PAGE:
The idea of REDD+ has its roots in the UN climate negotiations. It was negotiated as a tool that would allow companies and industrialized countries to continue burning petroleum, coal and natural gas while claiming the emissions this causes do not harm the climate. REDD+, its advocates claim, would provide cheap compensation for the release of these emissions into the atmosphere and provide money to finance forest protection. Companies in industrialized countries could burn fossil carbon at home, that is the carbon stored underground for millions of years, and pay someone in a tropical forest country to keep some trees standing as a replacement carbon store. (2)
The truth is that money alone doesn’t stop deforestation; that REDD+ isn’t tackling the actual causes of large-scale deforestation and that money from the private sector hasn’t been forthcoming at any scale. REDD+ advocates who had advertised REDD+ as a triple-win (cheap compensation for fossil fuel burning, extra money for forest conservation and supporting communities who live in and from the forest and contribution to climate protection that can be realized now while technology for move away from fossil fuel is developed) have also had to grudgingly acknowledge that halting deforestation is neither fast nor easy or cheap. Convincing evidence is missing that REDD+ has made a dent in deforestation despite claims to the contrary.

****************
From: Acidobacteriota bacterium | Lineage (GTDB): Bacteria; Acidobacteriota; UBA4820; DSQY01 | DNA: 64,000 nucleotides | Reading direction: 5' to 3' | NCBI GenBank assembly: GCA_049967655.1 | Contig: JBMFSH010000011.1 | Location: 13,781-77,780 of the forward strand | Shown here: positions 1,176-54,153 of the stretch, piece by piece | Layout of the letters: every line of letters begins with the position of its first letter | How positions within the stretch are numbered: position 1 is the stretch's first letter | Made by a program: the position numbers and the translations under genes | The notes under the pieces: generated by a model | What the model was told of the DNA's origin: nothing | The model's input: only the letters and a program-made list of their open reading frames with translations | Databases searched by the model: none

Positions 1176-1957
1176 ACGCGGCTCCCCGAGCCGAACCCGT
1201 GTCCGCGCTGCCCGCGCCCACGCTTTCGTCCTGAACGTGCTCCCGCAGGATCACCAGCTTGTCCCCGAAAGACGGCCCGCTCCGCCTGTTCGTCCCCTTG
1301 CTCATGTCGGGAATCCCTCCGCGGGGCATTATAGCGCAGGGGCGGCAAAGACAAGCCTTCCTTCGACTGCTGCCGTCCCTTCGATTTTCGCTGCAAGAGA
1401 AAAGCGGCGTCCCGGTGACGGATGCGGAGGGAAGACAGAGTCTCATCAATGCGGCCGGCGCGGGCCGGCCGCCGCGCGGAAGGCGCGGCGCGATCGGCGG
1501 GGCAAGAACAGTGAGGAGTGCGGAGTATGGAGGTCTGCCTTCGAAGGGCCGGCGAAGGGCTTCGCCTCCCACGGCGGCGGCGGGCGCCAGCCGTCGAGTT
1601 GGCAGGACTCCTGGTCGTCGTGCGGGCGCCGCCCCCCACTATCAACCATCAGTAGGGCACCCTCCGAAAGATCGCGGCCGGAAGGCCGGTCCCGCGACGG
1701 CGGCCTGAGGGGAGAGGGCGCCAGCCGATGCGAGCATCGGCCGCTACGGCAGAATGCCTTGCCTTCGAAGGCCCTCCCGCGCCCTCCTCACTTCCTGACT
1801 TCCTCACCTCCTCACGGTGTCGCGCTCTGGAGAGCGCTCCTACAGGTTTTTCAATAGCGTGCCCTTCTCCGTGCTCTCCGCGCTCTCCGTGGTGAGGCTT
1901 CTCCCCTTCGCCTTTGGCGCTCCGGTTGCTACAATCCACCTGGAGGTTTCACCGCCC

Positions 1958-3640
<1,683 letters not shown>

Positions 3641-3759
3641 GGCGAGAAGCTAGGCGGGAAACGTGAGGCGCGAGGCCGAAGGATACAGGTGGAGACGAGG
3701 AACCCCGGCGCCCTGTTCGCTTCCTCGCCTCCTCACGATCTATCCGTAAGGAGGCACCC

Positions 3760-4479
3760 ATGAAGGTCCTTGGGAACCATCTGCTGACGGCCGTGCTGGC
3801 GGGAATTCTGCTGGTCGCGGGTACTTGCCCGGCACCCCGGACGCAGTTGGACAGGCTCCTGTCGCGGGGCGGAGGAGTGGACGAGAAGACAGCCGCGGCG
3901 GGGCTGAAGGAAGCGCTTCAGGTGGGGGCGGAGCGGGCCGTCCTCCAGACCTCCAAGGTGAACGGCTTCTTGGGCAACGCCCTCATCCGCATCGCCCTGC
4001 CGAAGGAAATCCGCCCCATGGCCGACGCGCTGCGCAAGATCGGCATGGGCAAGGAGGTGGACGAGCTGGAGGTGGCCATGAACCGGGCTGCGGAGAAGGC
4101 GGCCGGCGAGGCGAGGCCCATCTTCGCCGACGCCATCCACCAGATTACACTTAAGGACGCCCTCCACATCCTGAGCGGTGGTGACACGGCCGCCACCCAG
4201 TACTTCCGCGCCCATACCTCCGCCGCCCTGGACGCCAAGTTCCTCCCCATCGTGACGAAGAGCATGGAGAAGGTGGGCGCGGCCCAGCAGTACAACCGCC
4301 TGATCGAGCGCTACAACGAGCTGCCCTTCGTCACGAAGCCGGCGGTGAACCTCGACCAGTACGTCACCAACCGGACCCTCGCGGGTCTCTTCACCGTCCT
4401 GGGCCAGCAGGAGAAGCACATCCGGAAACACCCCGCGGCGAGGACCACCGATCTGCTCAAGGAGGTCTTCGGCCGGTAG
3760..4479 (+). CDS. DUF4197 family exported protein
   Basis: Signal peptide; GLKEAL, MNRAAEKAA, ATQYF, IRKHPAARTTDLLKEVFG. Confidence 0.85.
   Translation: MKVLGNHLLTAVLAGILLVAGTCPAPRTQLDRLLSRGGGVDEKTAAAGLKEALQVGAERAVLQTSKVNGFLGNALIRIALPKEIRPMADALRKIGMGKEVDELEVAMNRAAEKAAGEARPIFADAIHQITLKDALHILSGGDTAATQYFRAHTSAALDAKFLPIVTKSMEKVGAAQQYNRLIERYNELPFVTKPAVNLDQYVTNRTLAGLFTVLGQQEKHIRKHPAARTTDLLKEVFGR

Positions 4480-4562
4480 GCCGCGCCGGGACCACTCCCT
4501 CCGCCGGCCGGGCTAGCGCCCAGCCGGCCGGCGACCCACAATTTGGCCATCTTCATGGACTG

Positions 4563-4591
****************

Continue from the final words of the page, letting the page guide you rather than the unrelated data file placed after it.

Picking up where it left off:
Another motivation behind REDD+ is the intention of industrialized countries to avoid paying the bill for tropical forest protection although a “development” debt remains. Industrialized countries are increasingly transforming ‘development aid’ grants into loans and private-public-partnership schemes where the main role of public money is to provide a risk buffer for private capital investments in so-called developing countries. (3) Two reports commissioned by the UK government – the Stern report 2006 and the Eliasch review 2008 – helped governments to claim that ‘private sector capital is needed to save tropical forests because public money alone will not be sufficient’ to cover the supposed cost of reducing deforestation. It was these two reports that established the unfounded claim that reducing emissions from deforestation is cheap, fast and easy.
For international conservation organisations and the World Bank, REDD+ also provides a tool to expand their ‘parks without people’ model of forest conservation and ensures corporate and public funding for their conservation projects and organisational budgets. Conservation NGOs and consultants based in industrialized countries have to date probably received the lion’s share of public money spent on REDD+ in the last ten years. Even though these groups claim to do ‘participatory REDD+’ and ‘community REDD+’ projects, REDD+ is not an idea that originated from communities. REDD+ is also not suitable to address the needs and threats that forest-dependent communities face, as experience has clearly shown during the past ten years. (4) Critics of REDD+, including WRM, have discussed these misconceptions and hidden motivations behind REDD+ many times.